sageserpent-open / kineticmerge   0.2.6

MIT License GitHub

Merge a heavily refactored codebase and stay sane.

Scala versions: 3.x

kineticMerge

Merge a heavily refactored codebase and stay sane.

(In ALPHA).

Goals

  • Merge two branches of a Git repository across the entire codebase.
  • Take into account the motion of code in either branch due to refactoring.
  • Handle file renames, file splits, file concatenation.
  • Handle code being excised from one place in a file and moved elsewhere in that file or to somewhere within another file, or hived off all by itself in its own new file.
  • Work alongside the usual Git workflows, allowing ordinary Git merge to take over at the end if necessary.
  • A simple command line tool that tries to do as much as it can without supervision, and with minimal supervision when complexities are encountered.

Installation

curl -LJO --verbose http://github.com/sageserpent-open/kineticMerge/releases/download/v<RELEASE VERSION FROM GITHUB>/kinetic-merge

chmod ug+x kinetic-merge

Put on on your path.

Alternatively, go to the releases and manually download kinetic-merge. You'll still have to execute chmod ug+x kineticMerge so you can run it.

If you're on Windows, instead of kinetic-merge use the companion download kinetic-merge.bat.

Running it

Go to your Git repository. Check your repository has a branch checked out (so not a bare repository) and that it doesn't have uncommitted work; decide what branch you want to merge from and off you go:

git status

kinetic-merge <the branch you want to merge into the current one>

If the merge goes through cleanly, Kinetic Merge will make a merge commit and advance the current branch to it, just like git merge would do.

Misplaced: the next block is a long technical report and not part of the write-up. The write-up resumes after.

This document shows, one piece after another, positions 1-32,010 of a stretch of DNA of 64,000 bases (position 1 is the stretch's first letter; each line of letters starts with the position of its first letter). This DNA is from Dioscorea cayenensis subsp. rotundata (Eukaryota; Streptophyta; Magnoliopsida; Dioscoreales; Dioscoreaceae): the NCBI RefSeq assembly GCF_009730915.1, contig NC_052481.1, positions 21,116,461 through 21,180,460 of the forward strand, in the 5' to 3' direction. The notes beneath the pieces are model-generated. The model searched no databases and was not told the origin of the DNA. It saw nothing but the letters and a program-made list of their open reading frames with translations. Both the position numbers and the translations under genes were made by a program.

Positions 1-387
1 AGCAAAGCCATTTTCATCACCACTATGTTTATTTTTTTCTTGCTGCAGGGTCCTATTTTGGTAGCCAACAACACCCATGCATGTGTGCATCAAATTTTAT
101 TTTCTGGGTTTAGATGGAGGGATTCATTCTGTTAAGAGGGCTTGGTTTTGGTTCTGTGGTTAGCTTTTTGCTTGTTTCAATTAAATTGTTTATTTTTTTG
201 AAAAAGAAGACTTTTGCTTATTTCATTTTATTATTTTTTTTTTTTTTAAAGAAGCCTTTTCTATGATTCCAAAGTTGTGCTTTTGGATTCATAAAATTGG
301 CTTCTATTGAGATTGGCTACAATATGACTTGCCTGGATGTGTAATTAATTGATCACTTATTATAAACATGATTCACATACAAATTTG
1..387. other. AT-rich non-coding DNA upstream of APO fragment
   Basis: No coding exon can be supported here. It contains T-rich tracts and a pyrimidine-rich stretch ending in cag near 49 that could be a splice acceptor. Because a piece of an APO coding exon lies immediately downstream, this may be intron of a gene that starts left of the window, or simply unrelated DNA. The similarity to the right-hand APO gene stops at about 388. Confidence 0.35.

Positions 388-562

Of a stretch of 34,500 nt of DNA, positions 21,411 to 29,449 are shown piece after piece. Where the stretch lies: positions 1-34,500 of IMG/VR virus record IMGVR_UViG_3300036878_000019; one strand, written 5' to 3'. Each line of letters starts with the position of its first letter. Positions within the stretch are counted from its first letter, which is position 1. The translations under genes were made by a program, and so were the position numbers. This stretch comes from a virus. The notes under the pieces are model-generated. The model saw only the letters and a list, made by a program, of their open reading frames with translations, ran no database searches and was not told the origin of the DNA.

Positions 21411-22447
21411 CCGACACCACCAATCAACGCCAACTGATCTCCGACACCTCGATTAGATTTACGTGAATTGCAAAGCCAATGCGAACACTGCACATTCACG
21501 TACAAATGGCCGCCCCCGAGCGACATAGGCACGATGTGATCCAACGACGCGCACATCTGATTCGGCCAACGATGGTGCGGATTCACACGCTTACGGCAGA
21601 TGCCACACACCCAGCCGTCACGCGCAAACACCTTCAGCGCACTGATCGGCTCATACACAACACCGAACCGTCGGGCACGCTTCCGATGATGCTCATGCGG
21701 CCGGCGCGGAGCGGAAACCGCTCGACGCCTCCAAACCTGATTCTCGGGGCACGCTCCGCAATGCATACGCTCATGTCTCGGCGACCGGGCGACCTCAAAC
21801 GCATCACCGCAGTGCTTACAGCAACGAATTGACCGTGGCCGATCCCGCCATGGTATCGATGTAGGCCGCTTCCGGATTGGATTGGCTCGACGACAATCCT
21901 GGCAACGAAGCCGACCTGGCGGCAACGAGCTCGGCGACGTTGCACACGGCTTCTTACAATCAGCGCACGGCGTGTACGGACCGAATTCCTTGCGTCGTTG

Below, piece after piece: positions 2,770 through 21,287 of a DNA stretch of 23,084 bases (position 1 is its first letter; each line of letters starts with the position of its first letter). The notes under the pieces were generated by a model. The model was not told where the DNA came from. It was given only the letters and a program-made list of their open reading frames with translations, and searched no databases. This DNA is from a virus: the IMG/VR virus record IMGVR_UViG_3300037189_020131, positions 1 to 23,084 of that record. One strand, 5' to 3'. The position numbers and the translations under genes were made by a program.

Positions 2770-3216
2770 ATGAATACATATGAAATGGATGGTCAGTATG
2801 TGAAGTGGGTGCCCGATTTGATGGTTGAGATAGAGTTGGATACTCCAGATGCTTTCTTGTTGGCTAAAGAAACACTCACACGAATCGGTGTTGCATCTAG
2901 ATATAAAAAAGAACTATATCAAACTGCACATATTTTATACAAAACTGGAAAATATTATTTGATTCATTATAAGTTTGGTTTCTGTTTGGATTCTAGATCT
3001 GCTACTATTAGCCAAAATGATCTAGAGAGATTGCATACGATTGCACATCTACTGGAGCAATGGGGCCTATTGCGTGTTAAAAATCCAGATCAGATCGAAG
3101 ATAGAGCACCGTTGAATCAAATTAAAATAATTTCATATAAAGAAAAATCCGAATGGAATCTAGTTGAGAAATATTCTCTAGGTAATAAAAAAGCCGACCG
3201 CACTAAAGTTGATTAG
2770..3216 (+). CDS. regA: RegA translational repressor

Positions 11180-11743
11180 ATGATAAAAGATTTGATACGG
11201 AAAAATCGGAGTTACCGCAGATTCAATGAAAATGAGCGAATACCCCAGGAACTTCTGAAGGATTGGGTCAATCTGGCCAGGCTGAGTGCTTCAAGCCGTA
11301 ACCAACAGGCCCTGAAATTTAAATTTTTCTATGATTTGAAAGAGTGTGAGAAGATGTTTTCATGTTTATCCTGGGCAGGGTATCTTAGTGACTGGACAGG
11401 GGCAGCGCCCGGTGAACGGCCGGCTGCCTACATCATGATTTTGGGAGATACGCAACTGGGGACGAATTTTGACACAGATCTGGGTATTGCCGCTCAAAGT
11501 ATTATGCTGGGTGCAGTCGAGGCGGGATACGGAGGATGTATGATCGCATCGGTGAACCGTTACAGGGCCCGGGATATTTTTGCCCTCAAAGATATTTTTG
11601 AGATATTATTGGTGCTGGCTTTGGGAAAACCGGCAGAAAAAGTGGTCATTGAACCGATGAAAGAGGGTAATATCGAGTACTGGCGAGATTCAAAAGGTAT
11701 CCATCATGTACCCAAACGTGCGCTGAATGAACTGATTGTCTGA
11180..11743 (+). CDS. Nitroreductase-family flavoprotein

If the merge encounters conflicts, Kinetic Merge will do as much merging as it can up-front, and stage conflicting partially merged files into the Git index along with writing the file with conflict markers in it, so you can use your usual workflow to resolve the conflicts. You can open up an editor directly on the file and resolve the conflicts by hand - mark them as resolved in the usual way with git add <resolved file> and the commit with git commit, or just git merge --continue - or use your usual IDE to resolve the conflicts; I use IntelliJ, that works nicely.

Unlike a conventional Git merge, if you use an IDE that reads the staged conflicting files, you will see that the left and right versions are already partially merged for you.

It supports fast-forwarding, plus the --no-ff and --no-commit options too. Use --help if you need a reminder.

Why?

Meet Noah Shortcut and Seymour Checks, two likely software engineers from ThreePhantasticTales, and their manager, Mr Deadline.

Some time has passed since that those tales were told, and Messrs Shortcut and Checks work with Java in some giant corporate blob these days. Noah likes to work lean and mean with Emacs or vi, or is it Atom or Sublime now? He's pumping out code straight into CI/CD as fast as possible with no tests to slow him down, and Mr Deadline is very happy. Seymour likes TDD, also spends a lot of time adding tests to the existing codebase before working on new functionality, and refactors the old codebase a lot with IntelliJ or Visual Studio Code to keep it tractable.

All this would be great, only each time a PR is raised, all hell breaks loose when Seymour's beautifully rearranged code hits Noah's latest tidal wave of new functionality that has been hacked in place.

As an example, Seymour likes to extract helper methods from overly long passages of code to make them comprehensible - so the extracted code is moved around in the file. He has method sorting switched on, so the newly extracted methods are moved far away from the original locations. In fact, every time Seymour starts working on the codebase, the method sorting rearranges all the code written in the last tidal wave by Noah, who just lays new code down fast and loose. When files get too big to read, Seymour extracts classes and puts them into other files, and if implementing classes get too weighty, some of their methods and state get hoisted up into abstract classes, or into interfaces as default methods. Classes get renamed, and IntelliJ sensibly renames the file to match.